VOSA. Help and Documentation

Version 6.0, Apr 2018

1. Introduction
2. Input files
2.1. Upload files
2.2. VOSA file format
2.3. Single object
2.4. Manage files
2.5. Archiving
2.6. Filters
3. Objects
3.1. Coordinates
3.2. Distances
3.3. Extinction
4. Build SEDs
4.1. VO photometry
4.2. SED
4.3. Excess
5. Analysis
5.1. Model Fit
5.2. Bayes analysis
5.3. Template Fit
5.4. Templates Bayes
5.5. HR diagram
5.6. Upper Limits
5.7. Statistics
6. Save results
6.1. Download
6.2. SAMP
6.3. References
6.4. Log file
6.5. Plots
7. VOSA Architecture
8. Phys. Constants
9. FAQ
10. Use Case
11. Quality
11.1. Stellar libraries
11.2. VO photometry
12. Credits
13. Helpdesk
14. About

Quality: Stellar libraries tests

Elodie library

To assess the performance of VOSA we have made a comparison with the Elodie library (v3.1).

For the comparison we have selected only those Elodie targets with a quality flag=4 ("excellent") in effective temperatures.

Then, for these targets, the observational SED has been built using photometry (Tycho, Stromgren and 2MASS) retrieved from VO services using VOSA.

An average value of Teff(VOSA)-Teff(Elodie)=-34 ± 150K is found for a sample of 116 objects.

Object Teff (fit) Teff (Elodie) Teff(fit)-Teff(Elodie)
BD+02337557505944-194
BD+02465160006046-46
BD+04455160005789211
BD+174708600059937
HD00069365006156344
HD00183557505777-27
HD00266550005004-4
HD0027965000492080
HD003567600059919
HD0043065000493367
HD00430757505806-56
HD0048136250618565
HD00501562506119131
HD0068334500443367
HD00956257505821-71
HD00982662506138112
HD01100757505975-225
HD01340355005653-153
HD0137835500545149
HD01767457505893-143
HD01947645004954-454
HD01999460006094-94
HD02248457505989-239
HD02931057505796-46
HD03056260005860140
HD03712455005602-102
HD03782845004343157
HD0388585750573020
HD0395876000591882
HD04358757505870-120
HD0439476000595545
HD04400747504881-131
HD045067600059982
HD04528252505273-23
HD04993365006515-15
HD05557557505895-145
HD0599846000590793
HD06160647504895-145
HD0637914750470347
HD06460650005182-182
HD0731084500443169
HD07615157505751-1
HD07693257505850-100
HD08180952505688-438
HD085503450044928
HD08714050005103-103
HD08860945004548-48
HD0887255750565892
HD08901055005667-167
HD0940286000598020
HD09512860005865135
HD10120645004601-101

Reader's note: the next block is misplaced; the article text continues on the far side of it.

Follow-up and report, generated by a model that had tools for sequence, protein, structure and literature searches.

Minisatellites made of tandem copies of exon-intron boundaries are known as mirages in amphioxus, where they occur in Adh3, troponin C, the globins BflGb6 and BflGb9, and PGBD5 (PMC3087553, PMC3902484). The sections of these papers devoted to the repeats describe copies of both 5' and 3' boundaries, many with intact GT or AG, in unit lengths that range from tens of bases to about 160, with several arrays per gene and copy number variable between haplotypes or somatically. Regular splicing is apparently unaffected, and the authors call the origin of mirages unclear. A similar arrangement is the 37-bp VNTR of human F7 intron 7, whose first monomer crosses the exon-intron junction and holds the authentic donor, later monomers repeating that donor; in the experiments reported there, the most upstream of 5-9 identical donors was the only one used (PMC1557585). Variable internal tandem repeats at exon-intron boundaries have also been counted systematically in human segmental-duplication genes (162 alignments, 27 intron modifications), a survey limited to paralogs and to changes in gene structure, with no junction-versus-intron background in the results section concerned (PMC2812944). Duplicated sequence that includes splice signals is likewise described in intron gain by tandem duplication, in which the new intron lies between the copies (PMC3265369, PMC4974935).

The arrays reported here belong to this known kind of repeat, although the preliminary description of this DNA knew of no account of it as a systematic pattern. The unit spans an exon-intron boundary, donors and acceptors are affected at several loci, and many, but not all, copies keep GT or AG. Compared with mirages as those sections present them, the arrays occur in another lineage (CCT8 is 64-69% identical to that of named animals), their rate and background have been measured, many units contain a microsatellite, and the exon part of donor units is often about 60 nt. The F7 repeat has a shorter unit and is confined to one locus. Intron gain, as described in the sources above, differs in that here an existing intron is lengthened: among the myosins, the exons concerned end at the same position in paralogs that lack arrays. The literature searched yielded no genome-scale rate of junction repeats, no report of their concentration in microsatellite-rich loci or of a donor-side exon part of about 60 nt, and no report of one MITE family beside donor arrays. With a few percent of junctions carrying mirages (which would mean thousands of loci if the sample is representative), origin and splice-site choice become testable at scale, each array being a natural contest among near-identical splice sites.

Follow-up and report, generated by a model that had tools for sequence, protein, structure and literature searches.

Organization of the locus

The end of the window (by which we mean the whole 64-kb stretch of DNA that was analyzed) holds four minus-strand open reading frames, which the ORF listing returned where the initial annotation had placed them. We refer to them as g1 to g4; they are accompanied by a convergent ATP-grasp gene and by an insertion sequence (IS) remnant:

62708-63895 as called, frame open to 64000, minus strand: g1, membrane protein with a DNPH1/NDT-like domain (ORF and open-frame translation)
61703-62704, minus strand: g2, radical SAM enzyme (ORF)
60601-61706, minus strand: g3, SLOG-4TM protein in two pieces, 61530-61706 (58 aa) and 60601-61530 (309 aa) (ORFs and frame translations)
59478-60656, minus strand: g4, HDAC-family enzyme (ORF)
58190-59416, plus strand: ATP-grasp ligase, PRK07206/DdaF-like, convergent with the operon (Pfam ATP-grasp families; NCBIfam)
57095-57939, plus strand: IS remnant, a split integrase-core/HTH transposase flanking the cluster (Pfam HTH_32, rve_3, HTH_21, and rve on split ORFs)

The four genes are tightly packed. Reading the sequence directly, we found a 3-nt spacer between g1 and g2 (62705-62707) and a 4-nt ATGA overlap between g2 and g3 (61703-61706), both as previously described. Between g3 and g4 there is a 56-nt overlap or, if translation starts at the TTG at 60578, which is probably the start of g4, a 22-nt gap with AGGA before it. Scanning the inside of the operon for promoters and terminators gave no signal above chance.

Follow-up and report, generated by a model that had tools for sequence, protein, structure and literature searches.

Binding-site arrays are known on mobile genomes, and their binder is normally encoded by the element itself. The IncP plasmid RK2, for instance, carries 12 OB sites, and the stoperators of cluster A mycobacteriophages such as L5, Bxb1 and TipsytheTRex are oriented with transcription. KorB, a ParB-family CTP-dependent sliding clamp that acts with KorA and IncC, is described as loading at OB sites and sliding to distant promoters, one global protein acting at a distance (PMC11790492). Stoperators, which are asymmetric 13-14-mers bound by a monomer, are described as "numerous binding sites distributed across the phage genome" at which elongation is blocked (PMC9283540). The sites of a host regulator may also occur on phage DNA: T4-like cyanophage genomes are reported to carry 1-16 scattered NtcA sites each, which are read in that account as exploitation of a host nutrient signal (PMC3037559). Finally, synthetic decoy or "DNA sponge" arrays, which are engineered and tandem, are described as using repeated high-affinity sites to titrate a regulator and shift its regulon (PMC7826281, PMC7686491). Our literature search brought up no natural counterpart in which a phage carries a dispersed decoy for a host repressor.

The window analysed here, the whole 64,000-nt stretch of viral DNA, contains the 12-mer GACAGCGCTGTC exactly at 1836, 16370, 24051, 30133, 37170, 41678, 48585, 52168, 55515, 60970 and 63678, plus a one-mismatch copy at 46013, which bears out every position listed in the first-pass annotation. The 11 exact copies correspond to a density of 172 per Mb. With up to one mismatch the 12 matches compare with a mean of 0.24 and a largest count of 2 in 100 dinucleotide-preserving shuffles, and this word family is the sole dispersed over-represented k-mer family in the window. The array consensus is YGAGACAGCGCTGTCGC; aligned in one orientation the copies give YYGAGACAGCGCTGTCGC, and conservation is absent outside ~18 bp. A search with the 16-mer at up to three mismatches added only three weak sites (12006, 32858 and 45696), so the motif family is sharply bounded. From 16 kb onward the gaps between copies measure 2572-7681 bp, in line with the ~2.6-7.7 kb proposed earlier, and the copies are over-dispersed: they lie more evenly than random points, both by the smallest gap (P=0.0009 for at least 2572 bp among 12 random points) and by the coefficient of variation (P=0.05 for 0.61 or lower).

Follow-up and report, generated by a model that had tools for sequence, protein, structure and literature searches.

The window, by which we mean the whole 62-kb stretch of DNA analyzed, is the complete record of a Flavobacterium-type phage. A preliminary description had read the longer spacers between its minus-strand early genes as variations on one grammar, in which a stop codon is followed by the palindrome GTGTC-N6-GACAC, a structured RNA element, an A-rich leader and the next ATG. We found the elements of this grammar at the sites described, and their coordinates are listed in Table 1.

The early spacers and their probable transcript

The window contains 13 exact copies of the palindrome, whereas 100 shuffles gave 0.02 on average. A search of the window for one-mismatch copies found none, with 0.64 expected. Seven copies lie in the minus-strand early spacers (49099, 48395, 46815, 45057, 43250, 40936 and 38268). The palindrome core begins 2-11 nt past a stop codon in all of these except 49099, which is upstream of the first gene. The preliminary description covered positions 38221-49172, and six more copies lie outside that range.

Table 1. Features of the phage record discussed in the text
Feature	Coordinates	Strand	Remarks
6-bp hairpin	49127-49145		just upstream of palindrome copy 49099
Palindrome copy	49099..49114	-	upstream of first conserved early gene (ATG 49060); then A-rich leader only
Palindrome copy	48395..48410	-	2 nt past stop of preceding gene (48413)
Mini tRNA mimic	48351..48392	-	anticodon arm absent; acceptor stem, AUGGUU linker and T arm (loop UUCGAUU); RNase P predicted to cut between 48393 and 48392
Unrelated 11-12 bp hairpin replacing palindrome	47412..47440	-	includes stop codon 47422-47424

HD10222445004343157
HD10497950004875125
HD1055465250522129
HD105755575057491
HD10721362506290-40
HD1080765750572327
HD10895460006043-43
HD11018442504336-86
HD11089757505890-140
HD11538362505979271
HD12256347504575175
HD12295645004617-117
HD12605355005661-161
HD12816765006782-282
HD13032252505410-160
HD13408365006589-89
HD13416957505831-81
HD13979865006798-298
HD14100460005890110
HD14428455006170-670
HD14457952505293-43
HD14623360005796204
HD15017760006064-64
HD1509975000492179
HD15708957505778-28
HD15922257505807-57
HD16109647504541209
HD16519542504450-200
HD16540157505816-66
HD16590855005957-457
HD16662050005013-13
HD16800957505793-43
HD17366765006329171
HD17491257505882-132
HD1844995750573317
HD18637957505863-113
HD18640857505787-37
HD18642757505757-7
HD18711140004298-298
HD18712357505804-54
HD18769162506137113
HD18851055005510-10
HD1895585750565595
HD1945986000598119
HD19563357505956-206
HD197076A57505798-48
HD19996057505848-98
HD20058057505818-68
HD20188955005614-114
HD20415557505753-3
HD20454345004680-180
HD20797862506289-39
HD2089066000597030
HD21294347504604146
HD21614345004511-11
HD2163856250621931
HD21701457505761-11
HD21710755005612-112
HD21885750005108-108
HD21962362506099151
HD2209544750468268
HD2218305750571931
HD2223686250616090
HD345957575057491

VOSA and hot stars.

To assess the performance of VOSA at high temperatures we have used the compilation of sdO stars made by Stroeer et al. (2007 A&A, 462, 269)

For our analysis we have selected only those sdO targets not flagged as "outliers" in effective temperature (Table1 of the paper). Then, for these targets, the observational SED has been built using photometry (GALEX, CMC-14, 2MASS) retrieved from VO services using VOSA. The following criteria were adopted:

  • J(2MASS) < 17
  • H(2MASS) < 16.2
  • K(2MASS)< 15
     
  • r (CMC-14) < 17
     
  • FUV (GALEX) > 12
  • NUV(GALEX)>11

An average value of Teff (VOSA)-Teff (Stroeer)=2800 ± 6700K is found for a sample of 14 objects.

Object Model Teff (fit) Teff (paper) Teff(fit)-Teff(paper)
HE0001-2443Husfeld50000.040975.09025.0
HE0111-1526Kurucz42000.039152.02848.0
HE0342-1702TLUSTY50000.041914.08086.0
HE0914-0314Husfeld50000.045136.04864.0
HE0958-1151Husfeld55000.044125.010875.0
HE1047-0637Husfeld65000.060650.04350.0